At a UN Security Council meeting chaired by China's foreign minister, UN secretary-general, António Guterres said that Gaza is in the midst of an “epic humanitarian catastrophe”. Guterres said “we must not look away” from the deteriorating humanitarian crisis that has engulfed Gaza. He added: "Intense negotiations are taking place to prolong the truce * which we strongly welcome – but we believe we need a true humanitarian ceasefire.”
Guterres said the level of international aid to Gaza “remains completely inadequate to meet the huge needs”.
The senior CIA official who posted a pro-Palestinian image on Facebook in the wake of Hamas’s deadly attack on Israel is associate deputy director for analysis Amy McFadden, the agency confirmed to the Washington Free Beacon.
Prominent Palestinian Ahed Tamimi is on the list of 30 prisoners, all women and minors, to be released from Israeli jails today. She was arrested some three weeks ago after posting on social media that Palestinians will “slaughter” Jewish settlers and “drink your blood.” She wrote: “Our message to the herds of settlers is that we are waiting for you in all the West Bank cities, from Hebron to Jenin,...We will slaughter you and you will say that what Hitler did to you was a joke, we will drink your blood and eat your skulls. Come on, we’re waiting for you.”
At age 16, Tamimi was jailed for slapping an Israeli soldier and served eight months in prison. After her release, she went on a victory tour of Europe and the Middle East.
So far,Hamas has released a total of 61 Israeli hostages and 20 foreign hostages during the five days of the temporary truce. The original deal stipulated that the pause in fighting could be extended up to a total of 10 days, including the first four — if Hamas releases at least 10 additional hostages each day, with Israel freeing more Palestinian inmates at a ratio of three prisoners for each hostage. So far, Israel has freed 180 female and underage Palestinians serving time in Israeli prisons for security offenses, and is expected to release 30 more today, including Tamimi.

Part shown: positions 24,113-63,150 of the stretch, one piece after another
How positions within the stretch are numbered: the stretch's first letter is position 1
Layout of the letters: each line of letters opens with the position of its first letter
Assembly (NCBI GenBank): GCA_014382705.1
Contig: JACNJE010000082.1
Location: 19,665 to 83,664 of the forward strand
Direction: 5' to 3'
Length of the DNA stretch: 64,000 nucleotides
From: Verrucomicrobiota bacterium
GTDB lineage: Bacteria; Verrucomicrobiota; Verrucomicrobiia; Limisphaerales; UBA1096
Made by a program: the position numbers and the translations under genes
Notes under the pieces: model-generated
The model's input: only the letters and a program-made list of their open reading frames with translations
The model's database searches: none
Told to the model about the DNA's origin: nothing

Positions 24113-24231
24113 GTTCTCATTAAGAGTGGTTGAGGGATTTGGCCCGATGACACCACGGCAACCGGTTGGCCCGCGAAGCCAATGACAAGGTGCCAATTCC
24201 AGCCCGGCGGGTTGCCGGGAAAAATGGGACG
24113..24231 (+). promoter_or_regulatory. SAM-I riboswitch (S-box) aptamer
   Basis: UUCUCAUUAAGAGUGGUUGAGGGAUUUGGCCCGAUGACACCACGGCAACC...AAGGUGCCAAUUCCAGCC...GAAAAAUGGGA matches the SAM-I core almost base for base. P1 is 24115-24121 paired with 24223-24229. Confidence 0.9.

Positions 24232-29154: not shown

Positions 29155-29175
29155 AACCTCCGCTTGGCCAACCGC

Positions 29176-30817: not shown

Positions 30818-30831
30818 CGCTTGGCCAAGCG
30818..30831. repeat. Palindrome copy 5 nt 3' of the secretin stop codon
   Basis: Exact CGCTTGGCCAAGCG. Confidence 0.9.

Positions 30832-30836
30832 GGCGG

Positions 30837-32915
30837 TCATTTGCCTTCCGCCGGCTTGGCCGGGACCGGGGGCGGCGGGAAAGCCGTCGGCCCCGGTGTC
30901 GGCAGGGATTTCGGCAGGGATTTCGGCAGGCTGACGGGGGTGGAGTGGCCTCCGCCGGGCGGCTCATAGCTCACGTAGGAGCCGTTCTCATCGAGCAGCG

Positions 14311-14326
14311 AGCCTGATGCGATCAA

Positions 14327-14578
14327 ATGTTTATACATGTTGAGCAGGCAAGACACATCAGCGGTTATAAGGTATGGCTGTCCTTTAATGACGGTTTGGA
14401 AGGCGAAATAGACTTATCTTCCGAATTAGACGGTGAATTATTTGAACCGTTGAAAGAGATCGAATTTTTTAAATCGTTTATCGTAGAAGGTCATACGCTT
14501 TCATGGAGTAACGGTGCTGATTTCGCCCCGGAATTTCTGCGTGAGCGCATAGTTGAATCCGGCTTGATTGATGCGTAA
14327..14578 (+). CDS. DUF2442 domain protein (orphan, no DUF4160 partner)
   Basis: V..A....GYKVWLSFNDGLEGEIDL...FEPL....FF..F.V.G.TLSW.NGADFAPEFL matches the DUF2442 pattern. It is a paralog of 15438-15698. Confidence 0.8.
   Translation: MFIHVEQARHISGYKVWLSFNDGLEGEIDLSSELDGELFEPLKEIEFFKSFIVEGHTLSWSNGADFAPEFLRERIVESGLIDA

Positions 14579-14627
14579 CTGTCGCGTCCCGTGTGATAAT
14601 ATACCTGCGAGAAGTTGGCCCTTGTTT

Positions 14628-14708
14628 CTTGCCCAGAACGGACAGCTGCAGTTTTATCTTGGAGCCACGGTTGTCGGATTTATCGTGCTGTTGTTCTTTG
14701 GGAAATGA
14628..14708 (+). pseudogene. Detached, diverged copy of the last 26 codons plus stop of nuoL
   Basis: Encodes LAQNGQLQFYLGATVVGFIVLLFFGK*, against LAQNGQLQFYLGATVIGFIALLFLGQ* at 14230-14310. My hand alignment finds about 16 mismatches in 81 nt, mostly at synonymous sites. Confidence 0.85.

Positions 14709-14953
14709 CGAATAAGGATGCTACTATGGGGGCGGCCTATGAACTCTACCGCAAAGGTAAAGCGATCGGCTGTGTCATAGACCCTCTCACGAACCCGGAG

Rachel Goldberg, whose son, Hersh Goldberg-Polin, was abducted by Hamas at the Supernova desert rave on October 7, shared details at a press conference about her son’s abduction. Her husband, Jon Polin, went to the field shelter for the first time this week, to see where Hersh and his friend, Aner Shapira, attempted to hide along with 27 others. “Twenty-nine young people were smashed into this space,” says Goldberg, describing the “tiny concrete room.” Goldberg said the terrorists first threw hand grenades, then an RPG, and machine gun fire to kill as many people as possible in the shelter, says Goldberg. Shapira was killed by one of the grenades, after tossing back some seven of them.
Hersh Goldberg-Polin’s arm was blown off from the elbow down, said Goldberg. This was confirmed in a video sent to Hersh’s parents by CNN’s Anderson Cooper. She said she believes hostages are more valuable to Hamas if alive and that injured hostages were hospitalized. “We know there are very capable physicians and surgeons in Gaza,” says Goldberg. “What has been explained to us is that although the injury looks horrible, it’s not a complicated surgery,” and would only involve the surgeon amputating above the jagged part of the arm. “And then he would need antibiotics, which of course begs the question if that happened or is still happening,” says Goldberg.